Friday, November 14, 2014

The Rev. Dr. Darrell K. Huddleston, RIP

With the Rev. Darrell K. Huddleston
The Feast of St. Francis, 2004 (Blessing of the Animals)
It was my great honor to be asked to preach at the Memorial Service for my friend and colleague, the Rev. Dr. Darrell Huddleston, today at St. Paul's Church in Concord, NH. Below is the manuscript from that sermon.
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Darrell planned this liturgy very carefully. Far be it from me to mess with that but I want to add just one more reading that I think really fits this occasion - a poem by Wendell Berry called: Manifesto: The Mad Farmer Liberation Front. (You can read it here.) 

Darrell Huddleston was my very favorite mad farmer. In his living and in his dying, he practiced resurrection.

Six weeks ago, I drove up here to the Concord Hospital where I had one last chance to visit with Darrell and Bunny. I gave Bunny a hug in the hall while the nurse was finishing up with Darrell and then walked in. He got right down to business:  “Rich, a long time ago I asked you to do something for me, do you remember?” I told him I did. But he continued anyway. “I want you to preach at my funeral – are you still willing to do that?” I told him I was. He seemed relieved, and then came the instructions: “I want someone who can maybe say a couple of nice things about me, but who I can also count on to preach the gospel…”

To his family and friends gathered here today, I want to tell you what I told Darrell. Those are not really two separate tasks. Because Darrell practiced resurrection – inside of the church and outside of it—and because his life pointed to the One he sought to follow as Lord so consistently, my work here today is relatively easy. There are lots of nice things I could say about Darrell, and he was a great person. But more than that, he was a light in this generation - one of the saints. Not perfect, but faithful. His living and his dying bore witness to the One he faithfully served.

Darrell practiced resurrection. We first met when I was a brand new rector in Holden, Massachusetts in February 1998. Just four months later he was ordained to the diaconate at Christ Church Cathedral in Springfield and six months after that it was my honor to preach at his ordination to the priesthood at St. Francis. There Bishop Scruton reminded this long-time United Methodist pastor to “proclaim by word and deed the Gospel of Jesus Christ and to fashion [his] life in accordance with its precepts…to love and serve the people among whom you work, caring alike for young and old, strong and weak, rich and poor…” And then these words:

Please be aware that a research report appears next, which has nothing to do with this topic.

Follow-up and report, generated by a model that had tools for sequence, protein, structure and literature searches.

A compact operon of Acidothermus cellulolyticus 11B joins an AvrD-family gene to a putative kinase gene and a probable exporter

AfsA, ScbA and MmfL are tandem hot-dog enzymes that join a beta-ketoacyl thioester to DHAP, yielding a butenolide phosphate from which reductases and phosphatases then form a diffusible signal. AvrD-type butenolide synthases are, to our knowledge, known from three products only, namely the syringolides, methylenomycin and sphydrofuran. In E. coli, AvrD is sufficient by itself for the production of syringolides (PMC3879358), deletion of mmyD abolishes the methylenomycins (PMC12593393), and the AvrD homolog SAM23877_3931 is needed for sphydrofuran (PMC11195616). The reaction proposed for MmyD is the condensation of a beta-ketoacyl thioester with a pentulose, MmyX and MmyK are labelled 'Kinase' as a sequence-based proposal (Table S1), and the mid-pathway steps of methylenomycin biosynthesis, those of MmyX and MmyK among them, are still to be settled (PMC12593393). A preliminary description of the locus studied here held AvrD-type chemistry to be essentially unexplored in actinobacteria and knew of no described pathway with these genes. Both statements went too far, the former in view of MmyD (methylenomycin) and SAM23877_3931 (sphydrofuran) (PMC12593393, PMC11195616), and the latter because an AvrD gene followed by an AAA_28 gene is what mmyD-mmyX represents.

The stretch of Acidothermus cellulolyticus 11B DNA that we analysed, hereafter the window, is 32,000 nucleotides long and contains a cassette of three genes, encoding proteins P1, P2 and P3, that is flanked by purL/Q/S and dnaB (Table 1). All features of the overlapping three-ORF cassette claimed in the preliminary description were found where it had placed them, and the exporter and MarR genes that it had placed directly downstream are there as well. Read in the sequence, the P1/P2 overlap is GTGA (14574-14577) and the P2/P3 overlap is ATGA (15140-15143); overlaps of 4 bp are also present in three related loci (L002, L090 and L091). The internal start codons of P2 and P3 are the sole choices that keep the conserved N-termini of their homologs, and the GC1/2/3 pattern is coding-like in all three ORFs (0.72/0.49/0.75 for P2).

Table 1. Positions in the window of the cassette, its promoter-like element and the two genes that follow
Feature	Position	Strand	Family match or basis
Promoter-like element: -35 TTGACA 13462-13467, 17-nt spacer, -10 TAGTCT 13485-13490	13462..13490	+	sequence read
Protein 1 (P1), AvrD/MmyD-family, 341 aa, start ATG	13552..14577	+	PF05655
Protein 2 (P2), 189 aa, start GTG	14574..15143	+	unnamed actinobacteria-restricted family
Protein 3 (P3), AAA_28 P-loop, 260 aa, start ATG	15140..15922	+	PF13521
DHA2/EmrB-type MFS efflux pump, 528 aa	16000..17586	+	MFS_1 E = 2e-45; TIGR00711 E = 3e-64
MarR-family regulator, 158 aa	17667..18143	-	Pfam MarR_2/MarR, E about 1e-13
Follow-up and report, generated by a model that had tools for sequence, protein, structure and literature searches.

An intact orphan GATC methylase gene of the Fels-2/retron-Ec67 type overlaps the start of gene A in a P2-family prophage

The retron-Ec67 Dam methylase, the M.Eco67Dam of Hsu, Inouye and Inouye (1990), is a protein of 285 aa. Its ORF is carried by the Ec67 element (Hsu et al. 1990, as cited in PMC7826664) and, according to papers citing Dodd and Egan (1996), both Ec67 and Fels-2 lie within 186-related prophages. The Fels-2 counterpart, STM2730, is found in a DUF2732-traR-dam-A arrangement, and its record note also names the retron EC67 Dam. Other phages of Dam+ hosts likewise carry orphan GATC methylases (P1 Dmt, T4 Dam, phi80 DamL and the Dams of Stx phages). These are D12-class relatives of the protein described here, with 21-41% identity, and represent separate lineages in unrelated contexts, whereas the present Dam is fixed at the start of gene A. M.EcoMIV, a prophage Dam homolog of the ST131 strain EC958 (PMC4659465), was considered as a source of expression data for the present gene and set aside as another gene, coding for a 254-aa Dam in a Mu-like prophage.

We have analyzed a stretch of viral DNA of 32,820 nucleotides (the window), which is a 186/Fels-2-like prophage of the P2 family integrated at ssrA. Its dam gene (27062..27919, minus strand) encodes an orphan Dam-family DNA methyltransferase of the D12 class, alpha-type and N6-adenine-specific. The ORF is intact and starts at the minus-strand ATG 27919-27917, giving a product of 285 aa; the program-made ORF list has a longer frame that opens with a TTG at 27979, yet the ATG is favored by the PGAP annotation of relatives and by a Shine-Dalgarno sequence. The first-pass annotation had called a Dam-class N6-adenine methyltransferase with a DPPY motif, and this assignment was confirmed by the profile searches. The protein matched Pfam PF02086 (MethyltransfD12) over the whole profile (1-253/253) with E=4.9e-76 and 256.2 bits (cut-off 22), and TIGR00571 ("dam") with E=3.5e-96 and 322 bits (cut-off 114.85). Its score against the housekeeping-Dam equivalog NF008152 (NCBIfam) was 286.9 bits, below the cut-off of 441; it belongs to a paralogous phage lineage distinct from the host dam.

In all you do, you are to nourish Christ’s people from the riches of his grace, and strengthen them to glorify God in this life and in the life to come. 
You have to say these words at an ordination – we are Episcopalians after all, and they’re in the book. But it seemed to me at the time (and even more so now) that the words were almost redundant in Darrell’s case. It’s like that line attributed to St. Francis about preaching the gospel always, and when necessary use words. Darrell embodied those words long before Bishop Scruton spoke them or laid hands on him. The words simply called our attention to what was true – and I think that something like that is the case here today, as well.

Like me, Darrell found his way to the Episcopal Church by way of the Wesley brothers. Neither of us ever felt like we were renouncing our Methodist roots when we became Episcopalians – only that we were going deeper into the true spirit of those Anglican priests, John and Charles. When he was called to serve as priest-in-charge at the Church of the Good Shepherd in Clinton, we began meeting together with some others as part of a regular, weekly lectionary group – and after he retired from Good Shepherd he came to work half-time at St. Francis as our associate. He was a mentor and friend during the most challenging days of my ministry in Holden, for which I will always be grateful.